Statistics compiled earlier in 2009 suggest that 62% of consumers contemplating a car purchase either consider or are committed to buying some kind of hybrid or alternative fuel vehicle. Confusion exists, however, on the question of the expenses involved in insuring a hybrid vehicle. In calculating the actual cost of choosing a hybrid, several factors come into play.
Insurance risk profiles have now been updated to recognize the fact that hybrid drivers are more environmentally conscious and tend to drive less. Therefore, the assumption is that they are safer drivers. On the other hand, there is the wisdom that hybrids require specialized parts and are more difficult and expensive to repair, thus making for more costly insurance settlements. There is truth to both perceptions, but regardless, Farmers Insurance Group of Companies took the lead in October 2005 when they began offering 5% discounts to hybrid drivers in California. Now, discounts of roughly 10% for hybrids are more or less industry standard, although consumers still may have to go after those savings proactively.
In negotiating coverage for a hybrid, all the conventional automotive insurance discounts can still be used, like those available for anti-theft devices or for an exceptionally clean driving record. But in considering the real cost of ownership, drivers should also consider available tax credits.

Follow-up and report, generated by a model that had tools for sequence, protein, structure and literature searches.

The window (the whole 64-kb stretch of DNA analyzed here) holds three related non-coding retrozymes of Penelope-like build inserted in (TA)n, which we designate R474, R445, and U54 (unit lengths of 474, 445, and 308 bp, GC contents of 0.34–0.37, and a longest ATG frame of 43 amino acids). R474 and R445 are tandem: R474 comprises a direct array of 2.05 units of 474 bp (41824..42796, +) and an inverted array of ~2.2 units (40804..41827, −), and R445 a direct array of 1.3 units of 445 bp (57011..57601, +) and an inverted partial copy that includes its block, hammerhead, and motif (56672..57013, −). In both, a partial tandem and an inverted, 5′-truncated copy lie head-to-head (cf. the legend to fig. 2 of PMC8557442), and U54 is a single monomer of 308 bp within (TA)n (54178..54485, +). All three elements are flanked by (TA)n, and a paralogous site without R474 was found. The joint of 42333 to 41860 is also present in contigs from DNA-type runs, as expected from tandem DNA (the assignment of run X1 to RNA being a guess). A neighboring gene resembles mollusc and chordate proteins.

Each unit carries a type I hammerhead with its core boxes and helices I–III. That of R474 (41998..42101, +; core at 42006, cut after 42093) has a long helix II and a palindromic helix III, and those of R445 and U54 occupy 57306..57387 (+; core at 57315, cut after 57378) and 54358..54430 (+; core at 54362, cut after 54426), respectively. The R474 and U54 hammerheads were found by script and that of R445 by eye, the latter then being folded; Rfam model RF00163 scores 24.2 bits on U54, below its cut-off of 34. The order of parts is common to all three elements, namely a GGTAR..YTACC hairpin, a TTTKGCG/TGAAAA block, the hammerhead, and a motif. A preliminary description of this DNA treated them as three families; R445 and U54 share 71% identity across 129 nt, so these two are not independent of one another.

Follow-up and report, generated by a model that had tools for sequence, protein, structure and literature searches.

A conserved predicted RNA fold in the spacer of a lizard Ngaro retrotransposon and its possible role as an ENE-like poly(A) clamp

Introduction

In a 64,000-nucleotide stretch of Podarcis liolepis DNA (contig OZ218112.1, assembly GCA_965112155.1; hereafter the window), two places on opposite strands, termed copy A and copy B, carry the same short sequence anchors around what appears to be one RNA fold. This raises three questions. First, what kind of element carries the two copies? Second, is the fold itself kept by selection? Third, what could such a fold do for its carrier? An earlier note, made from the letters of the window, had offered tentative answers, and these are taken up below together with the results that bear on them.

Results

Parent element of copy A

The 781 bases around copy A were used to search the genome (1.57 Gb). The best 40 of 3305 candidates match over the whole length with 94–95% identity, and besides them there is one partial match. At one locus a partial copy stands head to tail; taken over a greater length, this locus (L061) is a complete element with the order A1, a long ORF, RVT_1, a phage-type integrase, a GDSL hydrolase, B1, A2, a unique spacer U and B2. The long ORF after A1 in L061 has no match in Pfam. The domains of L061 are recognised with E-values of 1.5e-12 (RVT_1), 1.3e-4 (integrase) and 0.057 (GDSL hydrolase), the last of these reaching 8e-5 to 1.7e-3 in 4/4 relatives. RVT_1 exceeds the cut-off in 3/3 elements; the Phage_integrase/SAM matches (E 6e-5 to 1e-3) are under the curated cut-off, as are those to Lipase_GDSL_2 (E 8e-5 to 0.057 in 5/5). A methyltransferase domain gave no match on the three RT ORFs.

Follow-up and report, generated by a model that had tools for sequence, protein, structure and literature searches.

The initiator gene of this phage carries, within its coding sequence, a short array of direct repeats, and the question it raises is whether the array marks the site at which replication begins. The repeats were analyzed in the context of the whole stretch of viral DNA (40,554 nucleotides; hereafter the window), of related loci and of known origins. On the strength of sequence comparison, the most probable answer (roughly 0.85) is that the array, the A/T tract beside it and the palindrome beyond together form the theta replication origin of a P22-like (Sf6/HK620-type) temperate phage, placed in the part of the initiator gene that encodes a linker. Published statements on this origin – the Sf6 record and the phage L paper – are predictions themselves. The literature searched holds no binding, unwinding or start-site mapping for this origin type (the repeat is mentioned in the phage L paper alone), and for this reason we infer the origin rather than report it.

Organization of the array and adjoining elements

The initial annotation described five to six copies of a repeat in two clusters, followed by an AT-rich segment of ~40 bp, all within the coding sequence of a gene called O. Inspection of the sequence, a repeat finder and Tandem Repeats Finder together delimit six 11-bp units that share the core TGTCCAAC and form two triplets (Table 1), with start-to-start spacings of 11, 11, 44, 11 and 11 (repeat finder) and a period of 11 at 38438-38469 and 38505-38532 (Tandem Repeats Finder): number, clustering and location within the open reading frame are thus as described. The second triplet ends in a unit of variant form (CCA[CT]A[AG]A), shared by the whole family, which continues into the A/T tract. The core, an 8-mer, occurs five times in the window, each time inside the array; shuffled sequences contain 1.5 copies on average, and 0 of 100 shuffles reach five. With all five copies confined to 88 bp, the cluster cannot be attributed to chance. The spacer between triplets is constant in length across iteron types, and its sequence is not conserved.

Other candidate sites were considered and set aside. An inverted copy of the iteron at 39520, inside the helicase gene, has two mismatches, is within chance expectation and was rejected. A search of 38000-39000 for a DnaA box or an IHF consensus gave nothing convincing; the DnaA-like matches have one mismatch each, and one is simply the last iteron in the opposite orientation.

Between February 17, 2009 and January 1, 2010 new car buyers can deduct their state and local sales and excise taxes up to a $49,500 limit. The value of this deduction will, of course, vary from state to state, but buyers will still want to avail themselves of the deduction while it is available. Additionally, the “cash for clunkers” Car Allowance Rebate System discounts, ranging from $3,500 to $4,500 will be available through roughly November 1. Since hybrids are sure to meet the program’s mileage improvement requirements, this is another major potential savings. Finally, there is an actual Hybrid Vehicle Credit that can take as much as $3,000 off federal tax returns, and a $4,000 federal credit for plug-in hybrids.
Additionally, hybrid drivers are currently being rewarded by some hotel chains that offer lower room rates to customers who drive or rent a hybrid and in some parts of the country, hybrid drivers get free or discounted parking in city and county lots. So, given the current climate of dealer discounts, federal deductions and discounts available, and popular rewards for hybrid drivers, the accrued savings may take so much of the sting out of the initial purchase, that insurance coverage automatically becomes more affordable.
Drivers who play their cards right and go after all the traditional automotive insurance discounts in addition to the roughly standard 10% hybrid discount should find themselves well-placed for low premiums. The important points are to be prepared to negotiate, to comparison shop, and to figure insurance rates into the overall cost of driving the vehicle. In the case of hybrids, other savings and discounts will likely outweigh insurance costs in the first year to two years of driving.